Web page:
Finding a romantic match online has become the new speed dating. Free dating apps like Tinder let you act on instant attraction with a mere swipe.
Yet eHarmony is the opposite. The 16 year old company still uses an extensive questionnaire with 150 questions designed to match single men and women for long-term compatibility. Founder and former CEO Dr. Neil Clark Warren is still seen in television commercials explaining how the site helps connect adults interested in marriage.
"We find great relationships for reasons that matter," new eHarmony CEO Grant Langston told CNBC's "On the Money" in an interview. Still, he admitted "the way we do it has been frozen in time." He said an "antiquated communication process" had left the "product feeling dusty."
A longtime eHarmony veteran of the company's marketing side, Langston has been "trying to make the use of our service easier" since taking over top job in July. One change is letting people take the questionnaire a little at a time.
"We want to get you in the tent," Langston told CNBC. "If you're going to take 10 questions, if that's the number you think you can stand to get through, then you're going to get matches that are less compatible." Langston added that as you answer more questions, they can provide "better matches. "
Despite evolving the company, he insisted he's not changing "what we're doing or the mission of the company. We're always about trying to find you your last first date."
A recent eHarmony poll found the most important attribute men and women cite is "sense of humor," followed by "kindness…charisma" and "intrigue."
Langston says it's more than that. "Truth of matter is you just need a lot of [those qualities]. It's a broad-based compatibility that makes people happy together for a long time. But if I had to pick just one that makes a lot of difference, it's adaptability. People that are rigid and not adaptable are much harder to match them."
The stakes are high for eHarmony, with an estimated 109 million Americans being single and the effort to match them up becoming an even bigger business than ever. According to IBIS World, the dating services industry took in $2.7 billion in revenue last year, and is expected to grow at a 5 percent pace this year.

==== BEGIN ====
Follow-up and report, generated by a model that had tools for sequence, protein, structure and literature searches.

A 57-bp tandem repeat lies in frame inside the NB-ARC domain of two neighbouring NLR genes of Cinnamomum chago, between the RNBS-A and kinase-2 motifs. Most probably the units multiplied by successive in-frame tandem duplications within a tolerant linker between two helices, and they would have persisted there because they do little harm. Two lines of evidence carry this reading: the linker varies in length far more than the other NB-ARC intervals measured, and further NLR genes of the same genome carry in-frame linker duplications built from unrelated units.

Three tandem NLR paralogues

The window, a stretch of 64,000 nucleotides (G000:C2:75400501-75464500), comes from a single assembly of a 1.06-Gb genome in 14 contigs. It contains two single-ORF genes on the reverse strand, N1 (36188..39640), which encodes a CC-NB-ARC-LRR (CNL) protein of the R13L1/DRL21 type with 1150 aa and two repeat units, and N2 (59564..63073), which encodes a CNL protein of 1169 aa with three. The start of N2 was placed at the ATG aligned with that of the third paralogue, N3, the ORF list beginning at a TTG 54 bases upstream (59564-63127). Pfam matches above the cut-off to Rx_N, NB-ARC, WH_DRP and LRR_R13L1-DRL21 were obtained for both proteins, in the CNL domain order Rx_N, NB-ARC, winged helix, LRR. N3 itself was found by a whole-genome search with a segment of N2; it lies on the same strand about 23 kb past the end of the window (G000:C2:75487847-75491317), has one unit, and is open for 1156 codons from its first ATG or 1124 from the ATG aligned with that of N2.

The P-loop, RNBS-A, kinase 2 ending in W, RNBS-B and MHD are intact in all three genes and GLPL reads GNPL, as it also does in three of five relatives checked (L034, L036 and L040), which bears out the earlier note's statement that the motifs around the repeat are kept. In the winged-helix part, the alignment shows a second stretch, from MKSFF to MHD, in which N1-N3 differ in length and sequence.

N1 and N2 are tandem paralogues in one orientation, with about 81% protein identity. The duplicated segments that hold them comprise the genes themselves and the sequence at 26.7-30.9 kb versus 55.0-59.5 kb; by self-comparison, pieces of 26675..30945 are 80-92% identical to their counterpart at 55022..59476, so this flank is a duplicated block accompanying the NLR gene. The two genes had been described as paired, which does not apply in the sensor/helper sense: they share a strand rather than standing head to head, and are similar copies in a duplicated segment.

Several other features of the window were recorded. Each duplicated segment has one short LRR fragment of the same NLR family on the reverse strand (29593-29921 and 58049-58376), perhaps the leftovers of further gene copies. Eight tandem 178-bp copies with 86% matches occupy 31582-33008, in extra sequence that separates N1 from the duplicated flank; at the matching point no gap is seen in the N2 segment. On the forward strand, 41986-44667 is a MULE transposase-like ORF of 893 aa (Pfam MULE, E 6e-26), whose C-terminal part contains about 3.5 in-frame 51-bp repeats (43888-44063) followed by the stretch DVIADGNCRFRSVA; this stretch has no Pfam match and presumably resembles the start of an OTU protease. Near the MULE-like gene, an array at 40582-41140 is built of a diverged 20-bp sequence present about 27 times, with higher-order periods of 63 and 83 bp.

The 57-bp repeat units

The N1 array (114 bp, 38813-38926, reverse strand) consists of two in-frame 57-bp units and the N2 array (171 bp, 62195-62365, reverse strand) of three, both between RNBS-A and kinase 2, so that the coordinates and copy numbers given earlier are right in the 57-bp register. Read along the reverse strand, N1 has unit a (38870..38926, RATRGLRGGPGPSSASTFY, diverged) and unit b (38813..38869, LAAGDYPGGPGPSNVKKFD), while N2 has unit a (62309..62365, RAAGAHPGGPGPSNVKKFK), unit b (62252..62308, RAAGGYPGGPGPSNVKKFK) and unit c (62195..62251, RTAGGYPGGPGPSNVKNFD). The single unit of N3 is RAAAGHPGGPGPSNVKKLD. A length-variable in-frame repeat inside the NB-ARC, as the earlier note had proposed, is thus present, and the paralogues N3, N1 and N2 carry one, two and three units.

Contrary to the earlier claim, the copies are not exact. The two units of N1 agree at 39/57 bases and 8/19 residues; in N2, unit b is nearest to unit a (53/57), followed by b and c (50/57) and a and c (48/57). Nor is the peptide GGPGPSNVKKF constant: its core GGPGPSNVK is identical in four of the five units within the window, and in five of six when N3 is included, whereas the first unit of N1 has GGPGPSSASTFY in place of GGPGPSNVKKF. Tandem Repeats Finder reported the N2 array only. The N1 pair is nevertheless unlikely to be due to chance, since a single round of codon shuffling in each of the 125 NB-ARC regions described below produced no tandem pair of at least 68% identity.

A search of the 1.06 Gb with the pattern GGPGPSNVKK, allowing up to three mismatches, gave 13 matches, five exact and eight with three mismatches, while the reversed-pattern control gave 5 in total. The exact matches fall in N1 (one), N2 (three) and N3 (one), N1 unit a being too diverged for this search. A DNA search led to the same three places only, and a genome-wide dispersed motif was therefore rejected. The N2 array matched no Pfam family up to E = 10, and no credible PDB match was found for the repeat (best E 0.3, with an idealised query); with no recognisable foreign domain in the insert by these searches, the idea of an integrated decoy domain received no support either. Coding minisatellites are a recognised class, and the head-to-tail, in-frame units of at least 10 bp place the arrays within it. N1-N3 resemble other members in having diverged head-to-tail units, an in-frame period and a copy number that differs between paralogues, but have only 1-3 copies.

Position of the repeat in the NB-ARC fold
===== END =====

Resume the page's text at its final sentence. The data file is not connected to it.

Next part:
Match Group is the largest company with a 34.4 percent market share, and 45 brands that include Match, Tinder, OKCupid, Plenty Of Fish and Our Time. Meanwhile, eHarmomy is a distant second with an 11.3 percent share.
While many dating apps are free, eHarmony charges monthly subscriptions that cost up to $59.95 a month.
Langston says in the last five years free apps have brought twenty-somethings into the marketplace. "People start with free swiping casual connection apps, and if they don't get what they want they tend to drift to us."
"For most of our history the average age of users was 36 to 37 years old," but Langston said with the influx of younger users to the online dating category, "now it's closer to 30."
He said usage peaks between the holidays through Valentine's Day, during what he calls the "high season." Yet eHarmony said it's seen a 35 percent increase in users since the presidential election on November 8th, and Langston suspects he knows why.
"Whatever your politics are, the world is less predictable than it was a year ago. People want to be with someone in that kind of environment." Langston added there was one other time that triggered a similar membership boost.
"We saw the same thing after 9/11," he said, speaking of the Sept. 11 attacks. "I was at the company then and people just want to be in a relationship."
On the Money airs on CNBC Saturday at 5:30 am ET, or check listings for air times in local markets.